Tue 10th – Sat 14th June 2014


Hannah Greenstreet

at 14:00 on 11th Jun 2014



'Lovesong' by Abi Morgan is about ageing, mutability and loss. The audience gradually gathers snatches of Maggie and Billy’s life together as they prepare for Maggie’s death. Unfortunately, Sarah Stacey’s production falls short of the play's lyrical heft.

'Lovesong' is a challenging play for a student production, as its premise is the interaction between the past and present through the interaction of Maggie and Billy with their younger selves, Margaret and William. Perhaps because of the performers' age, the sense of a maturing relationship is not adequately captured and moments of intimacy sometimes fall flat. While Sasha Brooks is compelling as the old Maggie and a recognisable maturation of the vivacious Margaret played by Bridie Murphy, there is a disjunction between Jamie Armitage’s irascible William and Harry Gower’s deliberate, doddering Billy. More than grey hairspray is needed to make the transition convincing. Nonetheless Brooks and Gower both deliver strong monologues, and Murphy and Armitage capture the sense of young love gradually turning sour.

'Lovesong', originally created with choreography by the physical theatre company Frantic Assembly, depends so much for its effect upon movement and music. Rose Reade’s choreography is evocative, leading Maggie and Billy in a dance with their younger selves. The movement serves as a fluid space in which the past and present can interact, as when (the young) Margaret puts into (the old) Billy’s hands the skull that she bought him for his 28th birthday, of which (the old) Maggie has no recollection. It is the site of the memory of the firstlings of their love and the site where they forge the settlement for the survival of marriage and old age. However, at times there is a sense that the performers have yet to fully commit to the choreography and consider how their characters would move; the distinction between how the young and old characters would dance (and how the old characters would dance when memory made them young again) is not sufficiently considered. Harry Gower, in particular, destroys the impression of old age by striding offstage. Rather than considering the play as a dynamic, supple whole, there is a sense that the performers and director consider the physical theatre segments as separate from the text.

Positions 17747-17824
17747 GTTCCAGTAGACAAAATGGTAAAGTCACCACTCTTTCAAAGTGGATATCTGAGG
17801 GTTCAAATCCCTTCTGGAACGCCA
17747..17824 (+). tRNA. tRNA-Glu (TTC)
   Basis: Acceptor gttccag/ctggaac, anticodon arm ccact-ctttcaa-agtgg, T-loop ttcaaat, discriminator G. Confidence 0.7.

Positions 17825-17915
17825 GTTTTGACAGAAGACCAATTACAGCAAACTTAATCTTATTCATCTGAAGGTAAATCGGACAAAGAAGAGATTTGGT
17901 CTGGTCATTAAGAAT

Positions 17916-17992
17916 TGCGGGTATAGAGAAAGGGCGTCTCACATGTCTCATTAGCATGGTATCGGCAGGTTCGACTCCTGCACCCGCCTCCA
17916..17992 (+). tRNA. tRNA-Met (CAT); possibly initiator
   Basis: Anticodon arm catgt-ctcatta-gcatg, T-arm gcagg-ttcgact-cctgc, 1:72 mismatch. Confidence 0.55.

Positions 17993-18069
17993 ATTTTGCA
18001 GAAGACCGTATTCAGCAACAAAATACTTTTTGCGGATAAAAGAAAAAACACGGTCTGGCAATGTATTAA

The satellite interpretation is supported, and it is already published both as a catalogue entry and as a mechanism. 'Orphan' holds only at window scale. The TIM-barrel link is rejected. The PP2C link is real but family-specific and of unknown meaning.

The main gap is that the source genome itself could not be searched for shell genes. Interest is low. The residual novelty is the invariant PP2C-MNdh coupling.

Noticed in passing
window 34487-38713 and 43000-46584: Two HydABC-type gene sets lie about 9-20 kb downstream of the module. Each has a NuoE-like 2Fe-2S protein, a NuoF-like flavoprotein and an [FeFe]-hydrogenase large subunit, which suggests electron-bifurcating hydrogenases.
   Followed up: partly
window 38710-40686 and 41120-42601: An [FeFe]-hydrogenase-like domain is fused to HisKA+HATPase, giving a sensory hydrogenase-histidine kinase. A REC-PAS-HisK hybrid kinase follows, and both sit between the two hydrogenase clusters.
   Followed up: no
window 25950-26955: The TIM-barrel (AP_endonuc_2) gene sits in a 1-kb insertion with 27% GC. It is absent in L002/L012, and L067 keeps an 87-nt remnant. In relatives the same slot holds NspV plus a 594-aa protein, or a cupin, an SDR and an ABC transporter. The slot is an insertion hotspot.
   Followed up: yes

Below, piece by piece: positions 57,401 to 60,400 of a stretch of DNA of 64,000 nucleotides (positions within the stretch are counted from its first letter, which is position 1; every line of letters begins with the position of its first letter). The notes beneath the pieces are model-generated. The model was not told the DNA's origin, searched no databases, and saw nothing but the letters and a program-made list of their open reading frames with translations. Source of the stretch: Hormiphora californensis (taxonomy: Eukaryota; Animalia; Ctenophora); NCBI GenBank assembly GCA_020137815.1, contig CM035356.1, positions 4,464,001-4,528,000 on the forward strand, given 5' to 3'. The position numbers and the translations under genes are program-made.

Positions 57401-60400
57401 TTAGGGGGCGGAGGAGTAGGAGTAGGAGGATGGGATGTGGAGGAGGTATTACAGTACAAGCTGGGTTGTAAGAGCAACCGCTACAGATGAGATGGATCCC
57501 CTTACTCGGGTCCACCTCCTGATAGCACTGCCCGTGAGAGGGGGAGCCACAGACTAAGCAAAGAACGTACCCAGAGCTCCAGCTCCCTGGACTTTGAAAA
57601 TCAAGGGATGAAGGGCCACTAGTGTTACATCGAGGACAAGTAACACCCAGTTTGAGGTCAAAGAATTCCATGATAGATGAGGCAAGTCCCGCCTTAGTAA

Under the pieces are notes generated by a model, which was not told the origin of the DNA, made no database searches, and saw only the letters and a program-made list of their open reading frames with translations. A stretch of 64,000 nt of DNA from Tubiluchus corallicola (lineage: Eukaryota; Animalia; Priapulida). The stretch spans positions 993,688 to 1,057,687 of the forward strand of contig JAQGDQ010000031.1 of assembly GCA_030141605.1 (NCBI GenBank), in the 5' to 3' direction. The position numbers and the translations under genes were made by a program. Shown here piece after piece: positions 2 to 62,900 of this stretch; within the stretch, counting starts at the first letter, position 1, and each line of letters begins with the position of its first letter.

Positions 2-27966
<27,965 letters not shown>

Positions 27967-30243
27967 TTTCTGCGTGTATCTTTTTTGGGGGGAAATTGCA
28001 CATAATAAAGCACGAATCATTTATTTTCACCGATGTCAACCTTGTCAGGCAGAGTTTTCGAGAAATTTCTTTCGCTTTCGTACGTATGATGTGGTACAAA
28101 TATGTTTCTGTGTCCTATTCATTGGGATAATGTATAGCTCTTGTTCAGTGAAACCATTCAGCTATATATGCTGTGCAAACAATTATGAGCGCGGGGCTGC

There are hints of what the production might be in moments of nuance, which bring out the delightful details of Morgan’s writing, such as former dentist Billy’s fantastic opening line, ‘When I clean my teeth, I always clean them twice’. The wire peach tree at the corner of the stage is one such detail and offers visual interest to an otherwise plain set (blank walls with only a double bed as a centrepiece). Maggie and Billy’s shared dialogue at the end of the play, as they recount the story of the beginning of their relationship, and play out ‘the story of the end’, is another and is pitched perfectly. The ending manages to achieve a delicate balance of hope and sadness. Unfortunately, such nuance is sometimes lacking in the rest of the production, compromising its elegiac note.


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